It’s Republican National Convention time again, a quadrennial televised spectacle during which the national party rounds up and then trots out as many minorities and women as possible in an attempt to convince viewers that Republicans have achieved a level of racial and gender diversity that, in fact, exist only during such showcase moments. At conventions past, this charade meant giving Lt. Gov. Michael Steele or Defense Secretary Colin Powell key speaking duties, or deploying Liddy Dole with a microphone in hand to work the aisles of the convention floor, while off-screen the Tom DeLays and Jim DeMints host pricey, off-stage cocktail parties.
On cue, of course, every four years Democrats and liberals sneer that their opponents’ display is a mask donned temporarily by the GOP to obscure its white-male face beneath. Although the Democrats haven’t reached parity either — especially on gender — the Republicans really do lag well behind.
But lately Republicans have posted clear gains in both their ranks of elected women and minorities, particularly during the party’s successful 2010 election cycle. The GOP now boasts two black House members, plus Cuban-American Florida Sen. Marco Rubio. They have record numbers of women in both congressional caucuses: 24 in the House, including nine rookies, and five in the Senate. (There are no black Republicans in the Senate — but then again, neither are there any black Democrats.)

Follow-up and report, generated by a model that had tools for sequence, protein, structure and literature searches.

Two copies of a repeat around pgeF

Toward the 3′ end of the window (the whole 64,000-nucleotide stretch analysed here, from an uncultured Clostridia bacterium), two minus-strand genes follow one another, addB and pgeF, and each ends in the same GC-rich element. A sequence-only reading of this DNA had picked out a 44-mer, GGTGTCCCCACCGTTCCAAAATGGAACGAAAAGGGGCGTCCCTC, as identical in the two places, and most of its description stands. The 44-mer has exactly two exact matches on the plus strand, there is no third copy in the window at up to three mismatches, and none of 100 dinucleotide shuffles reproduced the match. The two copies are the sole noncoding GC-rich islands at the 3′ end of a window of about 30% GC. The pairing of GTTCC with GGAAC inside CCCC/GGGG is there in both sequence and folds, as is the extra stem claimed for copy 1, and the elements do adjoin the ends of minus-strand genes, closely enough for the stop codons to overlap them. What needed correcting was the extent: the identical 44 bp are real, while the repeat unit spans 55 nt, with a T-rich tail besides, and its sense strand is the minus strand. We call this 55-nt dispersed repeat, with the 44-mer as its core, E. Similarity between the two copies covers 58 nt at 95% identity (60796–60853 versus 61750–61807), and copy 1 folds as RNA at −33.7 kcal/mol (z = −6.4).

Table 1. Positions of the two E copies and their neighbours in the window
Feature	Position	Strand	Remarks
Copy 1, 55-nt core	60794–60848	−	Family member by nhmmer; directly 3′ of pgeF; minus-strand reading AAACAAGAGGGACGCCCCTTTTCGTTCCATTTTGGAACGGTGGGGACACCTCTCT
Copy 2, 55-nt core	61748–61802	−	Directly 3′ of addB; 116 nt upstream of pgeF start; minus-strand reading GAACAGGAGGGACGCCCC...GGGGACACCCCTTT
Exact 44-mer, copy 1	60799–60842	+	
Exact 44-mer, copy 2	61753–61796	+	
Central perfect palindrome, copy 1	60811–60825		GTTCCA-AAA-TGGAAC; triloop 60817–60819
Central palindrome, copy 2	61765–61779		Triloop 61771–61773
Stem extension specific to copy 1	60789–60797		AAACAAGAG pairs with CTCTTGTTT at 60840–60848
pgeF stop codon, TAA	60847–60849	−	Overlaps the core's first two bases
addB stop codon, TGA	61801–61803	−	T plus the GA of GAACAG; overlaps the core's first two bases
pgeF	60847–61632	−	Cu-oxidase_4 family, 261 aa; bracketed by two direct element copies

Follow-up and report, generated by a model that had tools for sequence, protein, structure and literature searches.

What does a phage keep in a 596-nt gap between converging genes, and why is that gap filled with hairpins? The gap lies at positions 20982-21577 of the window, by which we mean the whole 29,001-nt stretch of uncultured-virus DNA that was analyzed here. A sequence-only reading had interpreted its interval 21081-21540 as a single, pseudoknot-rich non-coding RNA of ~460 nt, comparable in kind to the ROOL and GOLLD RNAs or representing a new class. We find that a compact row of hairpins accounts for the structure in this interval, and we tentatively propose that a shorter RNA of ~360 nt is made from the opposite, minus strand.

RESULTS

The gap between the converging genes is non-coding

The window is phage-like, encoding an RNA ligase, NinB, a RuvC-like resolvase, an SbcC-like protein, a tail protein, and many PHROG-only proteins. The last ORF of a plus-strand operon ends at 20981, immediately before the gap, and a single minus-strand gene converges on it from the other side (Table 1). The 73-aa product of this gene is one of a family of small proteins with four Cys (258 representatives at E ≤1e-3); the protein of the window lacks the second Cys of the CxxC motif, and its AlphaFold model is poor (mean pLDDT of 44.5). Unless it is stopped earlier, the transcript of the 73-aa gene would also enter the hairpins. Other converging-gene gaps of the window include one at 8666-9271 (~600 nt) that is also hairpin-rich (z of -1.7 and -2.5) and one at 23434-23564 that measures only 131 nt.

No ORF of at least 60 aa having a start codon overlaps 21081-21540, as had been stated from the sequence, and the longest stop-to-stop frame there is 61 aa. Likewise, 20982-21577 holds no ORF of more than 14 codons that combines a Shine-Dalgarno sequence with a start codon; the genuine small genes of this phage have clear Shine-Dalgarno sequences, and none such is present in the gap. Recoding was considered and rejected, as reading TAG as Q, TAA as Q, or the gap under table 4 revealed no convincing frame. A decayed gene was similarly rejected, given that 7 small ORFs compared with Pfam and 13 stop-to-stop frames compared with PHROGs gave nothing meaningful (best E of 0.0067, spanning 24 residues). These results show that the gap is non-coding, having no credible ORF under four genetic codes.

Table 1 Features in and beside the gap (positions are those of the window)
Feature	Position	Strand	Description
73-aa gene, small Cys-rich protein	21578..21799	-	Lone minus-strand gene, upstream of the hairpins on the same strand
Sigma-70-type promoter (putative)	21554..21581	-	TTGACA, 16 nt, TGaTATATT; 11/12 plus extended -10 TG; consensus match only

There is also a small cadre of promising, young, minority Republican governors: Latinos Brian Sandoval of Nevada and Susana Martinez of New Mexico, plus Indian Americans Bobby Jindal in Louisiana and Nikki Haley in South Carolina. Tropical Storm Isaac complications notwithstanding, Haley and Martinez are scheduled to speak at the convention, which will also feature former Secretary of State Condoleezza Rice and several Latino party leaders.
These changes aren’t eye-popping, and it’s hard to know for sure if the minority or female representation in the GOP will continue to edge higher or even hold steady. But the sudden uptick in minority and female Republicans is especially noteworthy because it creates a rather curious paradox: The rising diversity among Republican elites comes at the same time the party seems to be retrenching —willingly and strategically, it sometimes seems—toward a more base-oriented, white-male dominated coalition of voters. Yes, the shares of non-white and female Republicans at the ballot box still far exceed the shares found, for example, at congressional roll call. But at the moment the two percentages are moving in opposite directions.
Specifically, the gender gap between the two parties has been growing and shows little sign of reversing for the GOP, which carries a majority of male voters in both presidential and congressional cycles, but struggles to attract female voters, especially those under 60. Despite being from the Southwest, GOP presidential nominee John McCain captured slightly less than a third of the Latino vote; four years later, recent Latino Decisions polling suggests that even if 2012 presidential nominee Mitt Romney attracts all remaining undecided Latinos voters he may do no better and could do worse. And then came last week’s stunning survey result showing Romney at a rock-bottom 0 percent — yes, 0 — among African-Americans which, even by historical expectations for GOP candidates is not just bad but literally as bad as it gets. (In fairness to Romney, the incumbent happens to be the nation’s first black president.)